So I just moved house. It was not fun. I am going to write about it in more detail – I think the experience might be useful, maybe for someone trying to understand how change can affect a person with Autism – but I’m not ready to do that yet. It was really difficult and I’m still pretty emotional about the whole thing. Change is notoriously hard for people with Autism but I think the permanence of a change like moving house is particularly difficult. I definitely learned some lessons during the process so I thought I’d share them.
Some context before we begin: Not only were my family moving, we were separating into different houses, which was something I hadn’t been expecting. That was a real shock to me and made the whole thing even more difficult. But we’re still close and live close enough that we still see each other as much as before, which I’m really grateful for. Now I live with my Mum; I’m not ready to move out.
Right, here we go.
Prepare for emotions, yours and others – First, however you feel is okay. It’s a big deal. Whether you feel everything or nothing, it will take time to work that out. And just when you think you’ve dealt with all of that, it’s time to move and it all comes back. There were lots of tears on the day of the move, as well as the few days after. It’s emotional and stressful and exhausting: the perfect mix for someone to get upset. I think the only thing you can do is be gentle with yourself and each other and give people space when they need it.
Build in as much time as possible – Moving house is exhausting and emotional. And packing at the last minute just makes it worse. Giving yourself time allows you to be careful and methodical and it means you can take breaks if it gets too much.
Label the boxes – The destined room is not enough. By the time you’ve packed everything you own and transported it to your new home, you’ll have no idea where anything is. And every time you need anything, you’ll spend at least twenty minutes digging through all the boxes in order to find it. It will drive you up the wall.
Pack a suitcase – You know me: preparation, preparation, preparation. Make sure you have a bag of things you’re going to need for at least the first week. You might think that you can get yourself sorted in a couple of days but chances are you can’t and you really don’t want to find yourself out of things like clean clothes and make up remover. You don’t need that on top of the stress of moving. Also, remember to check the weather forecast before packing, just in case you find yourself caught unawares by a heat wave with only jumpers to wear like I did.
Try to create a safe space for yourself – Moving house is messy and if you’re anything like me, being surrounded by clutter for extended periods of time makes me feel very claustrophobic and panicked. So, both before moving out and after moving in, I tried to keep one area calm and somewhat neat to give me a space to decompress and recharge in. I wasn’t always successful at keeping it tidy but for the most part, it helped.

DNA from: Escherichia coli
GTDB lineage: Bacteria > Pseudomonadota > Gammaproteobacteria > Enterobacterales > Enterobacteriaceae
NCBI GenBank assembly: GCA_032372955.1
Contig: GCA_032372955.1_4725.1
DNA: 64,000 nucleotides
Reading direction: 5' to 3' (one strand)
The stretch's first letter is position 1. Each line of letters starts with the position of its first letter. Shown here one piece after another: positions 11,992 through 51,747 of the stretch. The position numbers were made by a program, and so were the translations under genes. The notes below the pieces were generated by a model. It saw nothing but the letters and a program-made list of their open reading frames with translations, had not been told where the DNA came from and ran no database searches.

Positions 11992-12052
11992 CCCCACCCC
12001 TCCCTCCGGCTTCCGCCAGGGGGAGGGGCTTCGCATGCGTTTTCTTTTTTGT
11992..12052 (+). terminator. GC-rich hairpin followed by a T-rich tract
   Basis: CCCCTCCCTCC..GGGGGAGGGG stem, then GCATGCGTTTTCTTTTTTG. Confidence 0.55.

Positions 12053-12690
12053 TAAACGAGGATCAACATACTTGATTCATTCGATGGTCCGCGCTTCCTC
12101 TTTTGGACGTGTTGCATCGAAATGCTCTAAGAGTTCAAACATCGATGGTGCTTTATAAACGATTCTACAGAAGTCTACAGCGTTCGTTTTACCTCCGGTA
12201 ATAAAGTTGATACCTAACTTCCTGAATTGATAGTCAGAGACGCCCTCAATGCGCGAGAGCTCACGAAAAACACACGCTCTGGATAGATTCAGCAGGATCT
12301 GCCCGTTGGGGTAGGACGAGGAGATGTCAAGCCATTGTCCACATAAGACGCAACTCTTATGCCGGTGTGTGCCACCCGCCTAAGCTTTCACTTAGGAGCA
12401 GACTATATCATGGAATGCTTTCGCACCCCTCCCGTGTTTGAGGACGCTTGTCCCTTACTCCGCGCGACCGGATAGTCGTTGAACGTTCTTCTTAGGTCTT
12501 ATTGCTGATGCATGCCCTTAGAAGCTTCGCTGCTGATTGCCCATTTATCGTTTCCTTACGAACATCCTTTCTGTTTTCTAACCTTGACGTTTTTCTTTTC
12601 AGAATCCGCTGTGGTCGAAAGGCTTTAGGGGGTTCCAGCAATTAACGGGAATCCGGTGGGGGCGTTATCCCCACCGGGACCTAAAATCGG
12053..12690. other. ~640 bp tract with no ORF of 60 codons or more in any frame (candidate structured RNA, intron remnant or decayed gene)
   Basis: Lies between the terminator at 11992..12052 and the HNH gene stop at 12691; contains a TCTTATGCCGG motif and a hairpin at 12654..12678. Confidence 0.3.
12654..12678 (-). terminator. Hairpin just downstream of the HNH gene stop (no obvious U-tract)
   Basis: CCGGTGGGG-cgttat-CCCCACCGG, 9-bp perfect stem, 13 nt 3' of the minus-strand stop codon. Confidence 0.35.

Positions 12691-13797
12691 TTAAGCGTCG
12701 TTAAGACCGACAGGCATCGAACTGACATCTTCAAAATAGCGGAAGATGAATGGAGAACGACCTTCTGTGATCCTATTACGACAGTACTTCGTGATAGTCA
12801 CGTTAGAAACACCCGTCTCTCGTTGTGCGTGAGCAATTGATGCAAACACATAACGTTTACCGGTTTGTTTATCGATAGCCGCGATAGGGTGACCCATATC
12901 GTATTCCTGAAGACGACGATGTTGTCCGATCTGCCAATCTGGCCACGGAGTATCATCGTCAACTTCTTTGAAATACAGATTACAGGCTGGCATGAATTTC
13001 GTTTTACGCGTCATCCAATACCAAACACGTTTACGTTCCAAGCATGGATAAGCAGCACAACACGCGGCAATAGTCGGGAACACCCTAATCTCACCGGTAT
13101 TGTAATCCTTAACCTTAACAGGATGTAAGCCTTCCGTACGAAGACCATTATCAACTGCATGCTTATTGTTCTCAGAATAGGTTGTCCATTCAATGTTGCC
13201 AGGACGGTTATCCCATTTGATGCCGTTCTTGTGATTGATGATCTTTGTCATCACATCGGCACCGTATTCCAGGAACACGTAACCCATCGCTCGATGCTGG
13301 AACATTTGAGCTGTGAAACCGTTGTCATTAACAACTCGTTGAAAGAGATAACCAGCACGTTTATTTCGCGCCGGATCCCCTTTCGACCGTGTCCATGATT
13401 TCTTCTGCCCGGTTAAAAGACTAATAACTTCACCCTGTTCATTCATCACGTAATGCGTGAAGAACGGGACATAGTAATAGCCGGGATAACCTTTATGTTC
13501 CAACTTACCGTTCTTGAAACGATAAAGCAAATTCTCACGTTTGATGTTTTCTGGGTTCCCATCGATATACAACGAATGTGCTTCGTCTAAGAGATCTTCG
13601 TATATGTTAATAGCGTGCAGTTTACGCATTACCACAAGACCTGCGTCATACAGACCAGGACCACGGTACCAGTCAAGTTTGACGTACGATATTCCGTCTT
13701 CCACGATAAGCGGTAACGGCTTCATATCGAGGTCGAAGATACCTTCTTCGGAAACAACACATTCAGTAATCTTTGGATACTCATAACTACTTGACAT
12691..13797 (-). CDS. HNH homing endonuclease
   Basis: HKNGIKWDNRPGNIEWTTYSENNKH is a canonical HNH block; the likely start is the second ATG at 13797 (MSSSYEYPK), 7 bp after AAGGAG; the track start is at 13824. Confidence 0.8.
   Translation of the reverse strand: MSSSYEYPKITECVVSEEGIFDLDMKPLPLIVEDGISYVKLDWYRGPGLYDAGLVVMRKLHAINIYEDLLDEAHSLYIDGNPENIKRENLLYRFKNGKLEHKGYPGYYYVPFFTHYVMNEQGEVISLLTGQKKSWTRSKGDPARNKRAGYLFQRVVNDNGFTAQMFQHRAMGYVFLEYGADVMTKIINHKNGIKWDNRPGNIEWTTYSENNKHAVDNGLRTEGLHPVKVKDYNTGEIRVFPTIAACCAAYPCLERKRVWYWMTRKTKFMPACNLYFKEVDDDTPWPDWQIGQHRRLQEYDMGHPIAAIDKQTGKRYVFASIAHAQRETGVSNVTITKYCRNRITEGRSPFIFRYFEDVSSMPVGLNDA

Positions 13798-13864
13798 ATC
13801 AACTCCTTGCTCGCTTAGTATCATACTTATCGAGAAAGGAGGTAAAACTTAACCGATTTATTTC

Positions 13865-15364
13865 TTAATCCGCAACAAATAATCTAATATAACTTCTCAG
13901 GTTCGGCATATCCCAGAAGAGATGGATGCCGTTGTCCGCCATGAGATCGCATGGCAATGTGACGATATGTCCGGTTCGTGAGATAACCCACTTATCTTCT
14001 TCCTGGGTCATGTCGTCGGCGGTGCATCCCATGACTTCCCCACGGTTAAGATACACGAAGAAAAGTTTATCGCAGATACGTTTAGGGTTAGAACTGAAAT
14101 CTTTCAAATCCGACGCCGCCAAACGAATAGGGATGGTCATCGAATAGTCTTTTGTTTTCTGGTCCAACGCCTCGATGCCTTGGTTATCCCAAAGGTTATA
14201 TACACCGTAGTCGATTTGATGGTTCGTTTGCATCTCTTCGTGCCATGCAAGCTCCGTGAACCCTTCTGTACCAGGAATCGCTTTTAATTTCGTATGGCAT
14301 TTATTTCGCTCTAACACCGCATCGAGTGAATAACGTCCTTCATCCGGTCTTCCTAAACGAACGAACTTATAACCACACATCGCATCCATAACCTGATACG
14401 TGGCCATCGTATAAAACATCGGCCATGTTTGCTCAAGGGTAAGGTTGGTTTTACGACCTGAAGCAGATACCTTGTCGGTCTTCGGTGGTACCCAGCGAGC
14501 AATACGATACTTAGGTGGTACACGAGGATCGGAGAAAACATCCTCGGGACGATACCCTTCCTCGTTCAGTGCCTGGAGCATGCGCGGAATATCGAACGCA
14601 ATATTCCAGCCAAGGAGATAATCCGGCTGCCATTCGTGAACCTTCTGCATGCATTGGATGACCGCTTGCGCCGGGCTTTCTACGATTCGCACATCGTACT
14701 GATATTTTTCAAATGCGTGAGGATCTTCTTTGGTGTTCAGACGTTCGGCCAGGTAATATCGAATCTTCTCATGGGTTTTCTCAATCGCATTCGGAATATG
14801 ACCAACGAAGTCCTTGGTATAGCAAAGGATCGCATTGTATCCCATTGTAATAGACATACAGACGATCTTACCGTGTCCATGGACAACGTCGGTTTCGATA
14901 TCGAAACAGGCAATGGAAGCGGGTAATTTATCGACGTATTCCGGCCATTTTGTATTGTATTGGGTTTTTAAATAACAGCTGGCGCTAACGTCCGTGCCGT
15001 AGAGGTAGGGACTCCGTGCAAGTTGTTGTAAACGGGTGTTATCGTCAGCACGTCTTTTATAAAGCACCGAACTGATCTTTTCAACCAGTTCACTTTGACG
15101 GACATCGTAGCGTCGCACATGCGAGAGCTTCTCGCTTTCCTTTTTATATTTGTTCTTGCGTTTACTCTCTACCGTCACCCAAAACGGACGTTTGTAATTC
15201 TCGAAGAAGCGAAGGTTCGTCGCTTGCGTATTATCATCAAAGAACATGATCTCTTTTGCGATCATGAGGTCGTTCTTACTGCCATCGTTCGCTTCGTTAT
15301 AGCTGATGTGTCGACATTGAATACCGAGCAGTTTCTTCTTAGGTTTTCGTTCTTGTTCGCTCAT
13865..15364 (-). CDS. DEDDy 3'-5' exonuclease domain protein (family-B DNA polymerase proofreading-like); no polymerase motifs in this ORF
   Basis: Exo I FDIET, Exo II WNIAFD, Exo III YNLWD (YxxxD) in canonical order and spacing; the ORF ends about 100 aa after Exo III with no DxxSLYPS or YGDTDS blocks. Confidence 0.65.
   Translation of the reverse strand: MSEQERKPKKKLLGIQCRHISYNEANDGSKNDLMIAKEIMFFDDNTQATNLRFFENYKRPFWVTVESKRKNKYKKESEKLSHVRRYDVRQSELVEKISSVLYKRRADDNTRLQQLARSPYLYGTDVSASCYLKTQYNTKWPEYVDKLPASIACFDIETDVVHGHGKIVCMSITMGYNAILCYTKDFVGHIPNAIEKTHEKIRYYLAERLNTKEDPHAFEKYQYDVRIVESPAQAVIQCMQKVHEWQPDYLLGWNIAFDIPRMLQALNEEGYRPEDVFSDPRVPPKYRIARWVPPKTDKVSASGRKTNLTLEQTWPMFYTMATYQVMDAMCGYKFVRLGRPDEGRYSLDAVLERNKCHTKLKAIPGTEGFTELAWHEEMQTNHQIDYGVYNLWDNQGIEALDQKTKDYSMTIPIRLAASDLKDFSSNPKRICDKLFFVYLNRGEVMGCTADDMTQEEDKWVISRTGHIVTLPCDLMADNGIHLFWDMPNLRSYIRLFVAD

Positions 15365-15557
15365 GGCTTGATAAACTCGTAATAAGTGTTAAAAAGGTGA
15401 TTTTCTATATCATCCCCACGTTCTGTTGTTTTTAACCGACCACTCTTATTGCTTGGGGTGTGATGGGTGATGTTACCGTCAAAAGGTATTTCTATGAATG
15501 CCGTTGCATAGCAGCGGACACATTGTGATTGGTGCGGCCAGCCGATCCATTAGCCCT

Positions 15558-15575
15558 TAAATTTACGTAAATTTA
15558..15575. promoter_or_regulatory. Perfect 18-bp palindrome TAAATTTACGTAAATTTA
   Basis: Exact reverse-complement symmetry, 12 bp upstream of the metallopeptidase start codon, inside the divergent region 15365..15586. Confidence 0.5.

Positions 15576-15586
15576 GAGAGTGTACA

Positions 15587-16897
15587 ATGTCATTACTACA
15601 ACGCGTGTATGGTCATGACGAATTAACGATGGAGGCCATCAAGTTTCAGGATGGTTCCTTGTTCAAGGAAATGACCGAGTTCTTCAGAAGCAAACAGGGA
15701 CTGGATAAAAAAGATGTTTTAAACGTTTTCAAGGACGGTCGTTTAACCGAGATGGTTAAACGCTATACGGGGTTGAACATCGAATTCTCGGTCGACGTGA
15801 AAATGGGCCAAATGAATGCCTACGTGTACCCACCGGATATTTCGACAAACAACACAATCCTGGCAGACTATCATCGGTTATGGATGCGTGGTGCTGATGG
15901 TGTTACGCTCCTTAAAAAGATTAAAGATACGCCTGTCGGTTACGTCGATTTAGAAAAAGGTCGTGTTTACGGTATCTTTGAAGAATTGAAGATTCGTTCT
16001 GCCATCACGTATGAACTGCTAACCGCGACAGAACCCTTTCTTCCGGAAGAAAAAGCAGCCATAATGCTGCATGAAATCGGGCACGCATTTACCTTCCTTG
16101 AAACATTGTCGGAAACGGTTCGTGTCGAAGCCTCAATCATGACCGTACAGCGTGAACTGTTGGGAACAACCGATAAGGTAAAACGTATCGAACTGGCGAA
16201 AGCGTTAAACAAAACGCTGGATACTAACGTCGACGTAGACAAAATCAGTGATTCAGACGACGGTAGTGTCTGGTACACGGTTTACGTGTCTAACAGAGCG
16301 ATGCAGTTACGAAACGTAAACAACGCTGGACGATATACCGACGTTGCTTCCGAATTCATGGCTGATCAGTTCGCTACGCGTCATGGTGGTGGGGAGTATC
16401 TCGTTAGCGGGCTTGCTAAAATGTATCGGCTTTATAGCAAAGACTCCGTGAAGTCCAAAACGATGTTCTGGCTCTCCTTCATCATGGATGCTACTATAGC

Set a reminder to put all your food in the fridge – The last thing you need is all your food going off and with a million things to remember, you’ll most likely forget something. Let that be something else.
QUESTIONS TO THINK ABOUT
How much help do you need?
Depending on your capabilities, you may need to enlist some help to move everything, whether that’s professional movers or friends and family or both. You really don’t want to get halfway through moving day and be unable to keep going so make sure to think carefully about what you need and ask for that help well in advance.
Do you need to be there on moving day?
This obviously depends on whether you’re moving with your family or by yourself: the demands on you will be different. In my case, my family knew how difficult the whole experience had been and so suggested going to see a friend while the removal people did their thing. They thought that the empty house would upset me but I felt like I needed to be there; it helped me say goodbye.
Do you need a clean slate or do you need to keep things familiar?
As already mentioned, change is often hard for autistic people so you might feel the need to keep things as similar as possible, such as furniture and when decorating. But on the flip side, many people with Autism feel emotions very strongly so a change might actually be the less overwhelming option. It wouldn’t be healthy to be constantly reminded of an upsetting event.
Do you need closure and if so, how can you get it?
I definitely needed to say a real goodbye. I’d lived in that house for fifteen years; I felt safe there and there are a lot of memories associated with it. For a long time, it felt impossible to leave. So, once I could consider it, I thought a lot about what would help me leave, knowing that I wouldn’t be coming back. So, on the last day, we took some pictures of me in my room and then I put a letter I’d written for a future resident under a loose floorboard. I can’t tell you why or how but that did help a bit.
ADVICE FOR FRIENDS AND FAMILY
If you’re telling an autistic person that you have to move, be clear. Give them all the information. Especially when there’s so much emotion, it can be hard to process what’s going on so anything that isn’t explicitly stated may get lost.
Give them as much warning as possible. Something like this is really difficult to process – there are so many emotions involved – and it came take time to absorb and make sense of.
So I think that’s everything. I hope this has been interesting and helpful. One last thing to add: I found this article recently that is more relevant to someone moving out of their family home and thought it was definitely worth including here.